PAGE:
Review of Discourse Markers in Native and Non-native English Discourse
| AUTHOR: Müller, Simone
TITLE: Discourse Markers in Native and Non-native English Discourse
SERIES: Pragmatics and Beyond
PUBLISHER: John Benjamins
Janet M. Fuller, Department of Anthropology, Southern Illinois University
This monograph is based on the doctoral dissertation by the author, and has
as a primary audience scholars interested in the study of discourse
markers, particularly English discourse markers. Because this book presents
a thorough review of the literature and a careful analysis of four
discourse markers ('so', 'well', 'you know' and 'like'), it is essential
reading for any researcher interested in this topic.
The volume begins with a long introductory chapter which discusses the
properties of functions of discourse markers and how they fit into the
study of second language acquisition and applied linguistics, and then goes
on to introduce the corpus and methodology used in the study. The following
four chapters each focus on one discourse marker, and the sixth chapter is
While for my taste the discussion of the data and research design would be
better off in a chapter separate from the general properties of discourse
markers, the organization of the introductory chapter is straightforward
and the sections clearly labeled. The first section of this chapter is a
good summary of previous research, with a particularly fine discussion of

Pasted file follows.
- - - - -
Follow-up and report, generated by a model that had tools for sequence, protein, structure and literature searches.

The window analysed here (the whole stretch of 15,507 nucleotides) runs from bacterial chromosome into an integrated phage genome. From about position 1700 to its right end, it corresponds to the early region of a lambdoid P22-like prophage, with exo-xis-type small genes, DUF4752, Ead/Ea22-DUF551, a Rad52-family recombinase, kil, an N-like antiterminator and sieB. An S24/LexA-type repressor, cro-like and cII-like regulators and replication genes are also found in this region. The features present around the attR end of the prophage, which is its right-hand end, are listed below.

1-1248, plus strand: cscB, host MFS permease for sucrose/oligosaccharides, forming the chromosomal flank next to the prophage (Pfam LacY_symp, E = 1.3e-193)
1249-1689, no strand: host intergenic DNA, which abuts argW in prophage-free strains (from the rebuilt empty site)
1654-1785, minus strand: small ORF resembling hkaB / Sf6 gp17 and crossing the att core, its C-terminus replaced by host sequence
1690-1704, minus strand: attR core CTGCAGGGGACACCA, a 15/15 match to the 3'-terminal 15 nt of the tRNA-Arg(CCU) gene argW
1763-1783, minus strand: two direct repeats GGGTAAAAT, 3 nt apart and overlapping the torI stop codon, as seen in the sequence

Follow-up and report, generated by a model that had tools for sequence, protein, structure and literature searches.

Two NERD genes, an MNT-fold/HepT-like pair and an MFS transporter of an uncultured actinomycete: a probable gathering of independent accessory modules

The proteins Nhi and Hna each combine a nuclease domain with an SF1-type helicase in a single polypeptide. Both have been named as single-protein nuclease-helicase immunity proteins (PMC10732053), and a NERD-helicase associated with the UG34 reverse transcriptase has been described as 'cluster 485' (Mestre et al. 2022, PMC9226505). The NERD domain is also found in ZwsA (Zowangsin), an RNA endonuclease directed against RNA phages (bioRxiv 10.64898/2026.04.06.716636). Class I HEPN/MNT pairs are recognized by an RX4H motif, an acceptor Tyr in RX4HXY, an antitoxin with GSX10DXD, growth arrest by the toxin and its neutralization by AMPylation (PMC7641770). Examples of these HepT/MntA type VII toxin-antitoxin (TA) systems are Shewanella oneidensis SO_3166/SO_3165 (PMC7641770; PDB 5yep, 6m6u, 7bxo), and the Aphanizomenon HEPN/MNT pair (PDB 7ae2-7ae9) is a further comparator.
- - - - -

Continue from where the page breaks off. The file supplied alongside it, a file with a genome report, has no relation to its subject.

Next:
the issues which have arisen in addressing the question of what constitutes
a discourse marker. This aspect of discourse marker analysis is a
particularly pressing problem in a study such as this, which includes a
quantitative analysis of all instances of the selected variables.
Unfortunately, although the author does reach a verdict on discourse marker
delimitation (syntactic independence and grammatical optionality is the
only feature which can clearly distinguish discourse marker from
non-discourse marker uses of a word), there is no concluding section on
properties of discourse markers which clearly states this. This point is
picked up again in the subsequent chapters, however, so it is not lost in
The author explicitly uses a 'bottom-up', data-driven approach to the study
of discourse markers, with the goal of cataloguing all functions of each of
the four selected discourse markers in her corpus. This corpus comes from
the Giessen-Long Beach Chaplin Corpus (GLBCC), collected in a study by
Andreas Jucker in cooperation with Sara Smith. Müller herself was
responsible for making most of the recordings used in the study. The
corpus was collected in an experimental setting. Students from the
University of Giessen and California State University at Long Beach were
assigned roles (A and B) and put in a room to watch a silent movie. After
the first part of the movie, the person in role A was asked to come out and
orally retell the first part of the film, while the person in role B
watched the second part. Partner B then retold the second part of the film
to partner A, and then the two were instructed to discuss the movie, with a
list of questions as a guide. All tasks in both settings were carried out
in English. In some cases, when only one person showed up for the taping